I could swear that there is another longer quote out there, from Haldane or another evolutionist, but I can't find it.  

(Does anyone have access to the Haldane-creo debate book, Is Evolution a Myth? -- it would be great to have a fuller quote)

Anyhow, you could hardly blame the creationists for pouncing on this one if everyone took the dismissive line that Holliday did on the evolution of wheels.  Unfortunately for them, Dawkins already noted the crucial difference between evolving wheels at the macro-scale and the subcellular scale:


Why don’t animals have wheels?
by Richard Dawkins
Article in The Sunday Times,  November 24th 1996


Now I must mention that there is one revealing exception to my premiss.  Some very small creatures have evolved the wheel in the fullest sense of the word.  One of the first locomotor devices ever evolved may have been the wheel, given that for most of its first two billion years, life consisted of nothing but bacteria (and, to this day, not only are most individual organisms bacteria, even in our own bodies bacterial cells greatly outnumber our ‘own’ cells).

Many bacteria swim using threadlike spiral propellors, each driven by its own continuously rotating propellor shaft.  It used to be thought that these ‘flagella’ were wagged like tails, the appearance of spiral rotation resulting from a wave of motion passing along the length of the flagellum, as in a wriggling snake.  The truth is much more remarkable.  The bacterial flagellum is attached to a shaft which, driven by a tiny molecular engine, rotates freely and indefinitely in a hole that runs through the cell wall.

Picture (see suggestions faxed separately to Jeremy Bayston)

The fact that only very small creatures have evolved the wheel suggests what may be the most plausible reason why larger creatures have not.  It’s a rather mundane, practical reason, but it is nonetheless important.  A large creature would need large wheels which, unlike manmade wheels, would  have to grow in situ rather than being separately fashioned out of dead materials and then mounted.  For a large, living organ, growth in situ demands blood or something equivalent.  The problem of supplying a freely rotating organ with blood vessels (not to mention nerves) that don’t tie themselves in knots is too vivid to need spelling out!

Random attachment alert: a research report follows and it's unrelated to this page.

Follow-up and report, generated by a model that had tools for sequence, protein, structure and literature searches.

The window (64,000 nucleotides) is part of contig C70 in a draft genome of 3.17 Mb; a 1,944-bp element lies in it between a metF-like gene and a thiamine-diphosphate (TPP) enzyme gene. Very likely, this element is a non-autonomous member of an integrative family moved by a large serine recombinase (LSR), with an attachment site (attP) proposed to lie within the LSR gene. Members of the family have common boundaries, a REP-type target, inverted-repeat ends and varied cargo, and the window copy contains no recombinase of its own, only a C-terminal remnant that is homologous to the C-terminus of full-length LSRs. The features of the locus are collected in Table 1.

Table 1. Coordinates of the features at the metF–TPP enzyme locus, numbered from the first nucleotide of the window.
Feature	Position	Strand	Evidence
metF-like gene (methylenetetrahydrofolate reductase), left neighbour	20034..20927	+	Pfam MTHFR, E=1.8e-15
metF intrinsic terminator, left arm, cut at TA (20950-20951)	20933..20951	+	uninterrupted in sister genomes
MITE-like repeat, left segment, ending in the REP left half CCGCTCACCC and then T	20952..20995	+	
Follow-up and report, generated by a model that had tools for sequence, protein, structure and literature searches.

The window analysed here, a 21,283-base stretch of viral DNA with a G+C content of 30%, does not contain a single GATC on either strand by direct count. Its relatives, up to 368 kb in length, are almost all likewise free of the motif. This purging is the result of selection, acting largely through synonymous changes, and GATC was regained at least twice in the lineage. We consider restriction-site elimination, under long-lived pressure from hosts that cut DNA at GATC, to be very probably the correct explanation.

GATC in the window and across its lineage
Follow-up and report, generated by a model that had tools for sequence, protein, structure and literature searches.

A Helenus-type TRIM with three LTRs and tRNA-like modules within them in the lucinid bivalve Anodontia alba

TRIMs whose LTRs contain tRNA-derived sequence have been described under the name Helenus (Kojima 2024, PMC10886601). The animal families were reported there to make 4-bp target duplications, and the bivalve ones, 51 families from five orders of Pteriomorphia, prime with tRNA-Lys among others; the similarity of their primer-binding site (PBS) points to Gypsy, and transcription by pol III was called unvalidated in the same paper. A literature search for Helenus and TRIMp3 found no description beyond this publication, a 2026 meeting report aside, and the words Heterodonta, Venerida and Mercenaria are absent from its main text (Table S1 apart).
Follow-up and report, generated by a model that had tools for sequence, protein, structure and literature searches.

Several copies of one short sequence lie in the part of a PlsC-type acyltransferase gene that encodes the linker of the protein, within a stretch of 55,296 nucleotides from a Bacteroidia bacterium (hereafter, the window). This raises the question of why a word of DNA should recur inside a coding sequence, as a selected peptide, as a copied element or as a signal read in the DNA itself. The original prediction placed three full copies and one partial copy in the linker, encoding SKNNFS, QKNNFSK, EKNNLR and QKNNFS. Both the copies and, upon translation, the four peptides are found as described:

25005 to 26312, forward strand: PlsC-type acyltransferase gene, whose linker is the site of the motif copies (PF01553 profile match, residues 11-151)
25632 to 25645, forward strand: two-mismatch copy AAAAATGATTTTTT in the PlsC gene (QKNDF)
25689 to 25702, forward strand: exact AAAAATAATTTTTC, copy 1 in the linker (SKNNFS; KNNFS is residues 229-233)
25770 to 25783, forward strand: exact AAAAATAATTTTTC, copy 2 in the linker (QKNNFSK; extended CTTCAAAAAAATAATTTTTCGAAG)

Human engineers might suggest running concentric ducts to carry blood through the middle of the axle into the middle of the wheel.  But what would the evolutionary intermediates have looked like?  Evolutionary improvement is like climbing a mountain (“Mount Improbable”).  You can’t jump from the bottom of a cliff to the top in a single leap. Sudden, precipitous change is an option for engineers, but in wild nature the summit of Mount Improbable can be reached only if a gradual ramp upwards from a given starting point can be found.  The wheel may be one of those cases where the engineering solution can be seen in plain view, yet be unattainable in evolution because its lies the other side of a deep valley, cutting unbridgeably across the massif of Mount Improbable.

The wheel may be one of those cases where the engineering solution can be seen in plain view, yet be unattainable in evolution because it lies the other side of a deep valley, cutting unbridgeably across the massif of Mount Improbable.

(Why don't we have articles like this in the newspapers in the U.S.?  Oh well...)

Still, Dawkins offers no evidence that the flagellum evolved, so this is still likely to be thoroughly undaunting to the creationist. Here in 2003 we are in a somewhat better position:

an AE thread collecting relevant info/links on the evolution of prokaryote flagella

Edited by niiicholas on May 27 2003,23:07

  46 replies since Nov. 28 2002,22:50 < Next Oldest | Next Newest >